Prevent Lost Updates in Database Transaction using Spring Hibernate

Munish Chandel | December 22, 2017 at 09:48 AM | 219 views

What is Lost Update?

When two concurrent transactions simultaneously update the same database record/column, resulting in first update being silently overwritten by the second transaction. This phenomenon in Database is known as classic problem of Lost Updates. Below are the sequence of events in case of lost updates-

database lost update
Figure 1. Sequence of Events for a typical Lost Update Scenario
Mid Air Collision in JIRA

When two people try to update the same Bug in JIRA, a mid air collision happens and JIRA handles it gracefully. The programmers at JIRA know how to prevent lost updates!

There are mainly two approaches to handle this Scenario -

  1. Optimistic Locking

  2. Pessimistic Locking

We will discuss both of these approaches one by one with proper examples,

Optimistic Locking Approach

All users/threads can read the data concurrently, but when more than one thread tries to update it simultaneously, the first one will win and all others will fail with OptimisticLockException, they have to try executing the update once again. So no update will be silently lost even in case of concurrent usage.

How does it work?

Each record in database maintains a version number. When first transaction reads record from DB, it would receive the version too. Upon modification the server compares the record’s version number with that in the database, and if not changed, then record is updated written with an incremented version number.

A second transaction would then come in with the same record number (i.e. the record is being updated by both clients). This time the server would recognise that the version number has changed in the database by first transaction, and reject the update.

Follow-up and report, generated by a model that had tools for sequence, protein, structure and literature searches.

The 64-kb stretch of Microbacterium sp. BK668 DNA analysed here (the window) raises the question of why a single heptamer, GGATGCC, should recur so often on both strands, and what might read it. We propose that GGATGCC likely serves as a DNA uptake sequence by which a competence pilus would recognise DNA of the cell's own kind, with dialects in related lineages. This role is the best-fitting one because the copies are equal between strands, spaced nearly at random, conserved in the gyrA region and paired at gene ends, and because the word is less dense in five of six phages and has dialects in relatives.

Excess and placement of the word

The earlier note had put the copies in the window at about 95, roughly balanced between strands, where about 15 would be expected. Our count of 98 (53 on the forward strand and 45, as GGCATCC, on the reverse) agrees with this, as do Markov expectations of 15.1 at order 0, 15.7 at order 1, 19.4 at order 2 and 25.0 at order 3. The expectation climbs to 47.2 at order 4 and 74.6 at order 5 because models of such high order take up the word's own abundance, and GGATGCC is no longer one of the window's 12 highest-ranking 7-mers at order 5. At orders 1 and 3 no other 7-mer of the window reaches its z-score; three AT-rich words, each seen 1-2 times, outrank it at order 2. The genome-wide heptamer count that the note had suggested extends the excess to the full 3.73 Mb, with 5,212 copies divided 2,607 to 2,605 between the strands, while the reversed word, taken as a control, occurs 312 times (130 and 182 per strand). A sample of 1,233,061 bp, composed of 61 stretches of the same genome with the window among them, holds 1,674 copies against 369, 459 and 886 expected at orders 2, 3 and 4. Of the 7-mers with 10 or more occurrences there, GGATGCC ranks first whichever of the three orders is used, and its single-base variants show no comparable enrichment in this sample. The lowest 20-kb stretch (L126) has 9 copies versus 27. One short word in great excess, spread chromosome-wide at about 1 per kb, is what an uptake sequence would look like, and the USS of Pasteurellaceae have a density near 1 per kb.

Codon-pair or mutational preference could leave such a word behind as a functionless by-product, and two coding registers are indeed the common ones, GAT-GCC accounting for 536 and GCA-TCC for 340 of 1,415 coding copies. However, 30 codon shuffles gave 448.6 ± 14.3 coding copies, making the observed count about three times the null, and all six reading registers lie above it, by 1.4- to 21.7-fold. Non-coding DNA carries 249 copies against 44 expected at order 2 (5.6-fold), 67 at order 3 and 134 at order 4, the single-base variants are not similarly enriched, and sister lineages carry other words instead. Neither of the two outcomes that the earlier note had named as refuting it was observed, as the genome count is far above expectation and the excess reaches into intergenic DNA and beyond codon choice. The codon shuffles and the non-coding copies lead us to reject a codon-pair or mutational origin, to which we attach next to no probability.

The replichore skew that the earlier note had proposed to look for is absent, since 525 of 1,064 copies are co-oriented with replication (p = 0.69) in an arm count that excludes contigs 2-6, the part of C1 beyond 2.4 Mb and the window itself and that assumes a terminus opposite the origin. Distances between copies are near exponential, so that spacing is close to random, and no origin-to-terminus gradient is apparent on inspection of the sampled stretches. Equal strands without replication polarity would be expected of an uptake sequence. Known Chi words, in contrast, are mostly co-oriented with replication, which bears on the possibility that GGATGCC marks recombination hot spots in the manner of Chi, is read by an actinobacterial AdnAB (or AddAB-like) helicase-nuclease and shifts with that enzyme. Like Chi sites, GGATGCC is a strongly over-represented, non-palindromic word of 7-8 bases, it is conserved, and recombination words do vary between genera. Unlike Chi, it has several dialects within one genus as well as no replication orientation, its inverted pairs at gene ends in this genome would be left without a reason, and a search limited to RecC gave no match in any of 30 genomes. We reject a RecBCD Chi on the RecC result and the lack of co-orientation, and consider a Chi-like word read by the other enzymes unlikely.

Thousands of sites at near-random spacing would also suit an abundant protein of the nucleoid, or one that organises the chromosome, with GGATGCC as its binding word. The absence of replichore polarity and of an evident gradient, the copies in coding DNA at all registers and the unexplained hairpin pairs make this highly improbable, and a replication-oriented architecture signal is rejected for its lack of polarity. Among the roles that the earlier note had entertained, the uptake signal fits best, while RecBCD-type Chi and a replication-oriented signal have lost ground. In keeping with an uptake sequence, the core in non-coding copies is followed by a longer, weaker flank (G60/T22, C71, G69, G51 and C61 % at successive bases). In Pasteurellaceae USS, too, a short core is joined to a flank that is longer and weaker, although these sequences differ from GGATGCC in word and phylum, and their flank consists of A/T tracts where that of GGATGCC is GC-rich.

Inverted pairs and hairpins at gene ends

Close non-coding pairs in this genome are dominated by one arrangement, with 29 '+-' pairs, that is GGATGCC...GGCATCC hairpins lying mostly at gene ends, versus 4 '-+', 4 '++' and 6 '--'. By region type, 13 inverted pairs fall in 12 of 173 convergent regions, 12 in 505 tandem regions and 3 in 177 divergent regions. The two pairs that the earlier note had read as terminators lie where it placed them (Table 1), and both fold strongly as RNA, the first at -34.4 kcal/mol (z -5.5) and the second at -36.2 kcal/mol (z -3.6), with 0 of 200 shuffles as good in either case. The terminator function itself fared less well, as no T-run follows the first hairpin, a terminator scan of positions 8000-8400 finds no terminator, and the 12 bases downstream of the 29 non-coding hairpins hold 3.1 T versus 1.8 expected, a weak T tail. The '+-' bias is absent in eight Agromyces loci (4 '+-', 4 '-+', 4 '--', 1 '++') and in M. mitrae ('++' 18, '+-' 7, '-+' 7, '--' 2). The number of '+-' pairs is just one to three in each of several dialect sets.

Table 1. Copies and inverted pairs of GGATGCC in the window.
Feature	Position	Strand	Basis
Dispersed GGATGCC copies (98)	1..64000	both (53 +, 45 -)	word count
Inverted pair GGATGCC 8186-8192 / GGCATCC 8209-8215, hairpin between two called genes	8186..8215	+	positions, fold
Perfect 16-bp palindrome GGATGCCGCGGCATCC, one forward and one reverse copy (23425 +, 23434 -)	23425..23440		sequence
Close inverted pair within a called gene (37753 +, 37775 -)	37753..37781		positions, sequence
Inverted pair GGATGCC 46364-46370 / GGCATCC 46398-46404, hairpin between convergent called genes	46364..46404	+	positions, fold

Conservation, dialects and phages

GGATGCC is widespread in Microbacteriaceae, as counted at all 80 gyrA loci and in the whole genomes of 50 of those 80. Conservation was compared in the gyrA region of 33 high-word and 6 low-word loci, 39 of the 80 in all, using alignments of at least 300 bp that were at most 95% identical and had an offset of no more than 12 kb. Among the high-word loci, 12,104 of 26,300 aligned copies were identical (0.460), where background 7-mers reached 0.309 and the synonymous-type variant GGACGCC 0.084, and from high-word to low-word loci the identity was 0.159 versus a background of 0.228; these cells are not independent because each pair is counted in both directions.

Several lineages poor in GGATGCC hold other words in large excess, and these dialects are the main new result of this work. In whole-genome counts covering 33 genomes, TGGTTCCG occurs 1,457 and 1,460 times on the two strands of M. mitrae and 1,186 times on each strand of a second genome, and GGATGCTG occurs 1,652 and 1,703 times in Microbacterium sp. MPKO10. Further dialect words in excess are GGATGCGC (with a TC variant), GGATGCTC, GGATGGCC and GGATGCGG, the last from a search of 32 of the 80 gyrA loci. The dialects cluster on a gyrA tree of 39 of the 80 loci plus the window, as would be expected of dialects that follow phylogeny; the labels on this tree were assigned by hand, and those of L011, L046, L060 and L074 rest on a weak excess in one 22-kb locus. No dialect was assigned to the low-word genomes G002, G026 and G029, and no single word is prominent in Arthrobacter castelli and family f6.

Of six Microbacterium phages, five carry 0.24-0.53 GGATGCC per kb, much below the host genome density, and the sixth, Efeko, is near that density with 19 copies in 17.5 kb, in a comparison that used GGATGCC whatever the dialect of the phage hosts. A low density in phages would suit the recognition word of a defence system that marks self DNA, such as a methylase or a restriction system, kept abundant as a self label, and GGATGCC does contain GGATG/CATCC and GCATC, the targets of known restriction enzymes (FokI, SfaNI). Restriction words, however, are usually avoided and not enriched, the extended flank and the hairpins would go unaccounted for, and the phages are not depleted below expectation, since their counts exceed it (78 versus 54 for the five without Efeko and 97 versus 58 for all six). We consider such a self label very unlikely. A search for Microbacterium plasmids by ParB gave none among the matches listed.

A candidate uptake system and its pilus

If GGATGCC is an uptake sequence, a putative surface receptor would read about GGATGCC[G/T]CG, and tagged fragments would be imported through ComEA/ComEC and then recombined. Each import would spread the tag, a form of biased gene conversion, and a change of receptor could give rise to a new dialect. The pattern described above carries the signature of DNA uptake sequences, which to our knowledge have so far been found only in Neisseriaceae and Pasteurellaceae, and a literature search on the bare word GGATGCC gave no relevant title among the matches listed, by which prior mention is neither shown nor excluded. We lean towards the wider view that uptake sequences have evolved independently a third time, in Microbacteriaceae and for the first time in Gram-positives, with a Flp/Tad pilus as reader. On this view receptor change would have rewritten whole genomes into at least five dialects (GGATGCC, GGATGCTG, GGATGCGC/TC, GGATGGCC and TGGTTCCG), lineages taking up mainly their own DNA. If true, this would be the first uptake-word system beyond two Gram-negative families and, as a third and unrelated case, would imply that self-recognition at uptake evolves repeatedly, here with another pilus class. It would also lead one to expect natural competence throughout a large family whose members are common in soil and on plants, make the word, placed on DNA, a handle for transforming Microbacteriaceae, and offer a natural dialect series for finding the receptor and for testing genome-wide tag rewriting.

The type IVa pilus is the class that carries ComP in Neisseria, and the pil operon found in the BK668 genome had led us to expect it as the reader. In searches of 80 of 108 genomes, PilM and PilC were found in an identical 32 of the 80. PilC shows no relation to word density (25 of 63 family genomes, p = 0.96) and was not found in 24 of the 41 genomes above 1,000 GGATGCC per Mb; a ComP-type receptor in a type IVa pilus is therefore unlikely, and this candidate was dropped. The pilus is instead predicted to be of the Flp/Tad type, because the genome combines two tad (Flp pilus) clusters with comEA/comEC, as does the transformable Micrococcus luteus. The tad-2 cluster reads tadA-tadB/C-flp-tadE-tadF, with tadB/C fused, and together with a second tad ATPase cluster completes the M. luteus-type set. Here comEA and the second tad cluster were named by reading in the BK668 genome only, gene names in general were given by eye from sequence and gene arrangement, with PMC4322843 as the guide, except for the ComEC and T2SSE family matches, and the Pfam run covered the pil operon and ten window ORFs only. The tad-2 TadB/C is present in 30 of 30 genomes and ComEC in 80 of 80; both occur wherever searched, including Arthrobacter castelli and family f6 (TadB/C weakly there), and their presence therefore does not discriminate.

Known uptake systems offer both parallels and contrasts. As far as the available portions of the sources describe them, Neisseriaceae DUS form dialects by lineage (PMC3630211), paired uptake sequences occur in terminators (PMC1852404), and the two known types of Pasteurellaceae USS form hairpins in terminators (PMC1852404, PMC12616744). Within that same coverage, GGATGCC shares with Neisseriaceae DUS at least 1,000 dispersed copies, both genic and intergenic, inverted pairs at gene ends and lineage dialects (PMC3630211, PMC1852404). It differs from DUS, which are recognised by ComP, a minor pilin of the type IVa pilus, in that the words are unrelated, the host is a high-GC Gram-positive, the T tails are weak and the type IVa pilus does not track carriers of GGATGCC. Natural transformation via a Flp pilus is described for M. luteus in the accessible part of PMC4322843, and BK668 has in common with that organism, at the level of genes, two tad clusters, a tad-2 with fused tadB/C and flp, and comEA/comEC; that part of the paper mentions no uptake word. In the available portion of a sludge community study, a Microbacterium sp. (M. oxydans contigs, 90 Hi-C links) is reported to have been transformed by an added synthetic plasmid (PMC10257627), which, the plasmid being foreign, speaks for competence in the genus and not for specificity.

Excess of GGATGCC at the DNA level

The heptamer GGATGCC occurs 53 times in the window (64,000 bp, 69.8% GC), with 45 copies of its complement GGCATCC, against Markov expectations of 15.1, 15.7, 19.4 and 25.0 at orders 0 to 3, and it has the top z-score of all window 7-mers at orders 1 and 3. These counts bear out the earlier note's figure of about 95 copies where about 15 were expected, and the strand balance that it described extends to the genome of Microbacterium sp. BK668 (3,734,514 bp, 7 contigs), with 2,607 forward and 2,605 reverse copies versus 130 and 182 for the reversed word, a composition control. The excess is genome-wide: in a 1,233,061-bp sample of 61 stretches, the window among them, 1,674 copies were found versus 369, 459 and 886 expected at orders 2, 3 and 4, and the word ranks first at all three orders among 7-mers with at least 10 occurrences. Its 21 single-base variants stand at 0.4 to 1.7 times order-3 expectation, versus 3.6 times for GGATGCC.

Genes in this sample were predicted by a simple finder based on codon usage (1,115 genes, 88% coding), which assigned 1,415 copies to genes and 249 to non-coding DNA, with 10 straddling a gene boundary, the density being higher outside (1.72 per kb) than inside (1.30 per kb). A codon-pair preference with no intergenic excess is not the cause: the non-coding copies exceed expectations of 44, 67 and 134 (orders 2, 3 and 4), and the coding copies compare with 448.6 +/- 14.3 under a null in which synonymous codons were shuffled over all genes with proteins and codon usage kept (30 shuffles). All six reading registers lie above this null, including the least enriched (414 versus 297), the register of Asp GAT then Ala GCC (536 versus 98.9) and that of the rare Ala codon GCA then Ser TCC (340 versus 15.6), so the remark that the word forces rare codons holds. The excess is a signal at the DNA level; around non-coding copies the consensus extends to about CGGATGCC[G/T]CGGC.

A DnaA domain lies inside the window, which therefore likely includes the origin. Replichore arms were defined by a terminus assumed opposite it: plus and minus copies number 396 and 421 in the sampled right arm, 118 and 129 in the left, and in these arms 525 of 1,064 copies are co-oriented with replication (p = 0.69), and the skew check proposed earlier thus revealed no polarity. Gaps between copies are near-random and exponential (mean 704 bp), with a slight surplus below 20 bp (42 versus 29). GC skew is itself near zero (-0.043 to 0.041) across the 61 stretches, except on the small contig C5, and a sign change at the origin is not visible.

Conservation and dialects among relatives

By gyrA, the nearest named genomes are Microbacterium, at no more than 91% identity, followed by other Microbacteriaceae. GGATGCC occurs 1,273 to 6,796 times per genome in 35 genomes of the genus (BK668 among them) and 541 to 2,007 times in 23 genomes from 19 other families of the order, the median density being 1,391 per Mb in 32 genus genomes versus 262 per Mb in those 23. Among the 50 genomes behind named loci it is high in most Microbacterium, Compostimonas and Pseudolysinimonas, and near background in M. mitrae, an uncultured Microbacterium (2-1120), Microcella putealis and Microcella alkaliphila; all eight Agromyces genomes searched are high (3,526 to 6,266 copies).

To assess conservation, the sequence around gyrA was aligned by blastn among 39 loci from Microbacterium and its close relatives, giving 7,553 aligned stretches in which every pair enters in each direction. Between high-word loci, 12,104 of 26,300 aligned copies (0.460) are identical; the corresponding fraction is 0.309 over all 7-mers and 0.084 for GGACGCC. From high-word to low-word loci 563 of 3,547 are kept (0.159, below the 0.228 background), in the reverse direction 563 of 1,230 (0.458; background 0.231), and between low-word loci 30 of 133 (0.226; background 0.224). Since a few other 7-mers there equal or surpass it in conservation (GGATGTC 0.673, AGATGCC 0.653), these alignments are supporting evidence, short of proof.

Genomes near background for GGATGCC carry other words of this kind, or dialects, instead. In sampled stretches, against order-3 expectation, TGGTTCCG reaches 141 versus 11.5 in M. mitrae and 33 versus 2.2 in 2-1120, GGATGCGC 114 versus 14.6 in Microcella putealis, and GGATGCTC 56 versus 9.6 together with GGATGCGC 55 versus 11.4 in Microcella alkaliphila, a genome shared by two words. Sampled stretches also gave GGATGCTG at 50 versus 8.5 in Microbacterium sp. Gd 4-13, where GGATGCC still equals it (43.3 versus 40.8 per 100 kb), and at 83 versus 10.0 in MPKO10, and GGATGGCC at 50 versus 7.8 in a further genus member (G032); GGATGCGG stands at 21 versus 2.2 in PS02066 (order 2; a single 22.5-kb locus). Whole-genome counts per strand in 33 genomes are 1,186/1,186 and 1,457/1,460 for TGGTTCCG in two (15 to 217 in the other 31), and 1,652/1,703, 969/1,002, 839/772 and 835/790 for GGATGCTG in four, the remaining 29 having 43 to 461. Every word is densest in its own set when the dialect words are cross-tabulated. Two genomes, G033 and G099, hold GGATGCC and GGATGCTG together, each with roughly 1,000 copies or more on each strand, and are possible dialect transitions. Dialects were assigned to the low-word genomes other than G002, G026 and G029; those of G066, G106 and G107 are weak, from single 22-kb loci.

JPA Optimistic locking allows anyone to read and update an entity, however a version check is made upon commit and an exception is thrown if the version was updated in the database since the entity was last read.

How to enable Optimistic Locking in JPA?

To enable Optimistic Locking for an entity in JPA, you just have to annotate an attribute with @Version, as shown in below code example

Using long attribute for versioning (Preferred Approach)
@Table (name="t_flight")
public class Flight {
    @GeneratedValue (strategy=GenerationType.AUTO)
    private int id;

    @Version                         (1)
    private long version;
1 Just two lines of code enables Optimistic Locking in JPA.

It is important to note down that only short, int, long and Timestamp fields can be annotated with @Version attributes.

Timestamps are a less reliable way of optimistic locking than version numbers, but can be used by applications for other purposes as well.

Using timestamps for optimistic locking (Should not be preferred)
@Table ( name  =  "t_flight" )
public class Flight implements Serializable {
    public Date getLastUpdate() { ... }

Under the hood

Under the hood, JPA will increment the Version attribute upon every successful commit.

This results in SQL like the following (note that JPA handles it all, its shown for illustration purpose only):